When you think about keeping your eyes safe from the sun and its harmful ultraviolet rays, your mind probably immediately jumps to sunglasses. Yet, are shades the only way to ward off sun damage? Do contact lenses offer UV protection? The answer is, yes, some contacts do! At Fresh Lens, we think that’s a pretty cool feature and great for the health of your eyes. Unfortunately, the topic of UV protection and contact lenses doesn’t get a ton of attention, so we’ll break it down for you.
Before we get into the ins and outs of UV protection with contact lenses, first, we need to chat about what UV is and how it can harm your vision. Sunlight is the main source of ultraviolet (UV) radiation. It’s a form of electromagnetic radiation and the two wavelengths that we tend to worry about are UVA and UVB rays.
UV exposure has a cumulative effect when it comes to your eyes, which is why it’s super important to make sure children are protected year-round. UV radiation can pass through the pupil and reach the lens or retina or, in other cases, it’s absorbed by the cornea, the outermost, clear layer of the eye. It’s thought that the radiation can cause cataracts, an acceleration of age-related macular degeneration, cancer in the eyeball, little tissue elevations or growths, known as pinguecula and pterygium, and, more often in high altitude conditions with snow, painful inflammation called photokeratitis, which is like sunburn to the eye.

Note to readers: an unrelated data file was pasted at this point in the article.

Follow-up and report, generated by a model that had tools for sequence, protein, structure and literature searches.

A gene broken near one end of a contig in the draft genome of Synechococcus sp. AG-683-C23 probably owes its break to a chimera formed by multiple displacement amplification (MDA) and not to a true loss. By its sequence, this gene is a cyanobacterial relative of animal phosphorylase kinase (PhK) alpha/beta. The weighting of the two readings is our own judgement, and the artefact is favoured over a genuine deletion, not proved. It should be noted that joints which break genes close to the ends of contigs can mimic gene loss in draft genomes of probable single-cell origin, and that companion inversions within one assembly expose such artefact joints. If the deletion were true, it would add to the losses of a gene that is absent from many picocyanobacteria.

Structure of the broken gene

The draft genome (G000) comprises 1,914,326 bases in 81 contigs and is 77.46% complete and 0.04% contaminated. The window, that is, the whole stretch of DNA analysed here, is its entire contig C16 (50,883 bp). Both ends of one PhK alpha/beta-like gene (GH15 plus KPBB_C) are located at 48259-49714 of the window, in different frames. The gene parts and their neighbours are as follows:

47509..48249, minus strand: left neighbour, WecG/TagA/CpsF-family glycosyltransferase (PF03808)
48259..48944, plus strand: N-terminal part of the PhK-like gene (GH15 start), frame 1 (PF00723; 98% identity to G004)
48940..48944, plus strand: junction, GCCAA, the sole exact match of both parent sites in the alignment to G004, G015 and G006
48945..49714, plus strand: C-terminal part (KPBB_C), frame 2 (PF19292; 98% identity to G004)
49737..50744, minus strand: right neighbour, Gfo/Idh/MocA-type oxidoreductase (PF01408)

The American Optometric Association and essentially every other health and vision organization recommend wearing sunglasses whenever you’re exposed to the sun during the daylight hours. You should always look for a pair that blocks 99-100% of UVA and UVB rays. However, most styles of sunglasses, aside from the wraparound variety, allow sunlight, both direct and reflected, to enter from the sides, above and below. Contacts with UV protection can be a powerful complement to your shades as studies have indicated that these contacts absorb radiation that hits the surface of the eye and can shield the eyes from all angles providing more complete protection than sunglasses alone.
While many contact lenses don’t offer UV protection, there are some that do. UV-blocking contacts are divided into two classes by the FDA:
As we mentioned, the sunglasses and contact lenses combo will offer the most complete protection from UV rays as you’ll cover all angles. The ideal approach is wearing wraparound sunglasses, Class I UV-blocking contacts and a wide-brimmed hat whenever you’re in the sunlight. Contacts shouldn’t be your only line of defense because manufacturers have yet to develop the perfect lens and so far, UV-blocking lenses haven’t been as effective as sunglasses. Fortunately, new silicone hydrogel UV-blocking lenses have improved upon the original design but you’ll still want to take the additional precaution of wearing UV-absorbing goggles or sunglasses.
Looking for the best UV protection contact lenses? Look no further than Fresh Lens. We have a large selection of Canadian contact lenses (and our fast and free shipping!) including those with UV-blocking capabilities like ACUVUE Oasys and Biotrue ONEday. With summer and beach days approaching, warding off UV rays should be a top priority!
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